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Pensioner unwittingly grows cannabis plant from bird seeds

21 September 2014

A pensioner from Exmouth has unwittingly grown a 5ft (1.5m) tall cannabis plant from a pack of bird seeds.

Patricia Hewitson, from Exmouth, contacted BBC Radio Devon’s gardening programme asking for help identifying “a weed”.

After discovering it was an illegal cannabis plant the police were involved.

Officers said Mrs Hewitson was growing the plant illegally but in good faith.

Mrs Hewitson said: “I sent a picture in via email and I got a couple of interesting emails back, including one from the police.

“They said they wouldn’t prosecute me as I’d done it in good faith.”

BBC Radio Devon’s gardening expert, Sarah Chesters, said: “I think the seed of this came from the bird feeder which hangs just above their door.

“It’s quite common for bird seed to contain a huge variety of plant seed and cannabis has been known to come up from it.”

Cannabis is illegal to grow without a licence so Mrs Hewitson and her husband John were advised by Devon and Cornwall Police about what to do with the specimen.

“We’ve been told we have to cut it up and either compost it, take it to the police station or take it up to the local recycling centre,” Mrs Hewitson said.

Sgt Ryan Canning, from Devon and Cornwall Police, said: “If you come into possession of an illegal drug such as cannabis, you must either destroy it or take it to a police officer.

“The lady has committed an offence although there are mitigating circumstances so we would not look to take it further although we would take it away.”

A pensioner from Exmouth has unwittingly grown a 5ft (1.5m) tall cannabis plant from a pack of bird seeds.

Most bird feed contains troublesome weed seeds

Bird feed mixtures may be helping to spread troublesome weeds that threaten agricultural crops

Many millions of homeowners use feeders to attract birds. But a two-year study featured in the journal Invasive Plant Science and Management suggests there may be one unintended consequence to this popular hobby. Bird feed mixtures may be helping to spread troublesome weeds that threaten agricultural crops.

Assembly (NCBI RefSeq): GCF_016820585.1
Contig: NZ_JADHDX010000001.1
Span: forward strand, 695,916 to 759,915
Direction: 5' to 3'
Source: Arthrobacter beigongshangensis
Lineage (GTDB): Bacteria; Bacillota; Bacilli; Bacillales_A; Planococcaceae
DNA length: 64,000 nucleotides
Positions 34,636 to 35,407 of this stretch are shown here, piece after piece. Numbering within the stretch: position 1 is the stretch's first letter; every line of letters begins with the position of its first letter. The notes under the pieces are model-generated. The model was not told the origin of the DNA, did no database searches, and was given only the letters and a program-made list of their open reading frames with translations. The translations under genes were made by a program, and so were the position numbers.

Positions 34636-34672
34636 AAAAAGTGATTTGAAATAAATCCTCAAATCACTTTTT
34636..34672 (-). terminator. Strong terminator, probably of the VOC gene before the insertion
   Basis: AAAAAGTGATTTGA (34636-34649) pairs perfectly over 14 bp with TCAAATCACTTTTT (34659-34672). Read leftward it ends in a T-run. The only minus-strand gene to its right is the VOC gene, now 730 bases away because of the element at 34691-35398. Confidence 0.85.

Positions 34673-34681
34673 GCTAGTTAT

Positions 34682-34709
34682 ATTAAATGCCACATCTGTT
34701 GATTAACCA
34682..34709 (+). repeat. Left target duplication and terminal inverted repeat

When researchers examined the contents of 98 commercially available bird feed mixes, they uncovered several significant findings:

  • The mixes contained seeds from 29 weed species.
  • 96 percent of the mixes contained seeds for pigweed species weeds, which can represent a significant threat to agriculture.
  • One in 10 contained Palmer amaranth or waterhemp seeds that demonstrated resistance to glyphosate in a greenhouse screening.
  • Seeds from kochia, common ragweed, foxtail species and wild buckwheat were also found in many of the mixes.

The researchers also explored which harvested bird feed ingredients contributed most to weed seed contamination. They found that proso millet grain was closely linked to the presence of pigweed species weeds, while safflower and sunflower contributed most to the presence of kochia and common ragweed, respectively.

“While it is difficult to estimate the precise role commercial bird feed plays, there is a distinct possibility it may be an overlooked pathway for spreading troublesome weed species into new regions,” says Eric Oseland of the University of Missouri.

To mitigate the risks, researchers recommend careful weed management in crop fields designated for bird feed, as well as the use of sieving during packaging to reduce weed seed contamination. They also point to the proven effectiveness of regulatory measures adopted in Europe to limit weed seed content in bird feed.

Many millions of homeowners use feeders to attract birds. But a two-year study suggests there may be one unintended consequence to this popular hobby. Bird feed mixtures may be helping to spread troublesome weeds that threaten agricultural crops.